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Campaign for Fiscal Equity v. State of New York

The Brennan Center’s amicus brief in this case argued that the inadequate representation provided by the New York State Legislature justified judicial intervention in the funding of the state’s public schools.

Published: November 20, 2006

In 1982, the Court of Appeals ruled that although school fund­ing inequit­ies are not uncon­sti­tu­tional, students in New York are entitled under the state Consti­tu­tion to a “sound basic educa­tion.”

In 1993, the Campaign for Fiscal Equity filed suit, claim­ing that the under­fund­ing of New York City schools by the current system denies students their consti­tu­tion­ally protec­ted right to qual­ity educa­tion.  In 2001, the State Supreme Court ruled in favor of CFE and ordered the state to reform the school system.

After a reversal by the Appel­late Divi­sion, the Court of Appeals upheld the Supreme Court’s order in 2003.  The Legis­lature was given until July 30, 2004 to determ­ine the cost of provid­ing all students with a “sound basic educa­tion.” The Legis­lature was also charged with creat­ing a system of account­ab­il­ity to make sure students were in fact provided with this oppor­tun­ity.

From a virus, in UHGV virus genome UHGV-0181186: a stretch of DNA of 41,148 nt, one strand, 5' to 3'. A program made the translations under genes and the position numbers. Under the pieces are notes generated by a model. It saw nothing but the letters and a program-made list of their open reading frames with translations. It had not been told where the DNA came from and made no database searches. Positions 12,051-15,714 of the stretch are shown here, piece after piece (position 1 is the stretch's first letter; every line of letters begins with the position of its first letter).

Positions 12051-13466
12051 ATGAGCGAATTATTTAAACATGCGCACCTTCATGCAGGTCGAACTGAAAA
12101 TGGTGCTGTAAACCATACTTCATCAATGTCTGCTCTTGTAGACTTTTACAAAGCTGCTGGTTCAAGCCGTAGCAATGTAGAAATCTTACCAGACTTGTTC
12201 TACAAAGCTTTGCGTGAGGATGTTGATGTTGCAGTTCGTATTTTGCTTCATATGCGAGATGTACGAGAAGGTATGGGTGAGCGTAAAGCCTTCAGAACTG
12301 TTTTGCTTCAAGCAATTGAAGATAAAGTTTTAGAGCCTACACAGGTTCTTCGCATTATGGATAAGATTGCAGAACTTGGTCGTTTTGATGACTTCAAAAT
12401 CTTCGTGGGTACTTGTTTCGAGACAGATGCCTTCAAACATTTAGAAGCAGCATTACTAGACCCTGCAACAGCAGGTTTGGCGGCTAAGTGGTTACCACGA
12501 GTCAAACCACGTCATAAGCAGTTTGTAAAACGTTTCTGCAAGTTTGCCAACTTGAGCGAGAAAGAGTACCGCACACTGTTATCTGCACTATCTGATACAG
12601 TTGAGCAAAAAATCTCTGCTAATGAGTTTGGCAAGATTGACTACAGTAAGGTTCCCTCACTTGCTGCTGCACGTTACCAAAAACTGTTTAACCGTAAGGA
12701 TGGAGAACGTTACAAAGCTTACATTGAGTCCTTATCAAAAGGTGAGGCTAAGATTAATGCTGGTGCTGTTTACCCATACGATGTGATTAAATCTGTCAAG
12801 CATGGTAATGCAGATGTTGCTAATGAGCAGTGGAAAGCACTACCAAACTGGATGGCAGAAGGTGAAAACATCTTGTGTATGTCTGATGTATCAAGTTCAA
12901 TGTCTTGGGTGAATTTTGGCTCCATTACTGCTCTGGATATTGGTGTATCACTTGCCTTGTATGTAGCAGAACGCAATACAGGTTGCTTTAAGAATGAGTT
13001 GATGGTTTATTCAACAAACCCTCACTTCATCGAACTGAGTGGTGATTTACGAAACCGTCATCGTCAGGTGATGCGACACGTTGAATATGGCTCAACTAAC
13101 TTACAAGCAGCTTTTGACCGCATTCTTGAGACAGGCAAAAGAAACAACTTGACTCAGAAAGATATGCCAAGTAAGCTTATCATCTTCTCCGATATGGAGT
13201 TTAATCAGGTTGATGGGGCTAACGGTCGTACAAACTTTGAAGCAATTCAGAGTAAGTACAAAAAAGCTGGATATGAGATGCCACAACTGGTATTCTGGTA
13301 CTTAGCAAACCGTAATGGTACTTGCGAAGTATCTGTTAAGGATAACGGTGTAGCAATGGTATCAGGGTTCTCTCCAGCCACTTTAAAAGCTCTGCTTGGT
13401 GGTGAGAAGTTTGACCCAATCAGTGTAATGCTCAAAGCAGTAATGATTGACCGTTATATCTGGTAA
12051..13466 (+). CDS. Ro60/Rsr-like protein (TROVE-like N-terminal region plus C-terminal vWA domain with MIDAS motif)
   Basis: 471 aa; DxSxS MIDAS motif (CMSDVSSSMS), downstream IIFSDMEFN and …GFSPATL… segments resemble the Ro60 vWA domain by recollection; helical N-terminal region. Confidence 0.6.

The Bren­nan Center submit­ted amicus briefs in both the Appel­late Divi­sion of the Supreme Court (inter­me­di­ate court) and the Court of Appeals (high court) when the State chal­lenged the ruling that New York City schools should be provided an addi­tional $5.6 billion for oper­at­ing aid and $9.2 billion in capital fund­ing.  The Bren­nan Center argued that the interests of New York City’s students are not adequately repres­en­ted in the state’s polit­ical process; this legis­lat­ive dysfunc­tion makes it appro­pri­ate for the Court to direct the Legis­lature to appro­pri­ate funds.

On Novem­ber 20, 2006, the Court of Appeals reaf­firmed the right of public school chil­dren to a sound basic educa­tion and estab­lished a minimum fund­ing amount for New York City schools.

For more inform­a­tion (includ­ing court docu­ments), see the Campaign for Fiscal Equity website: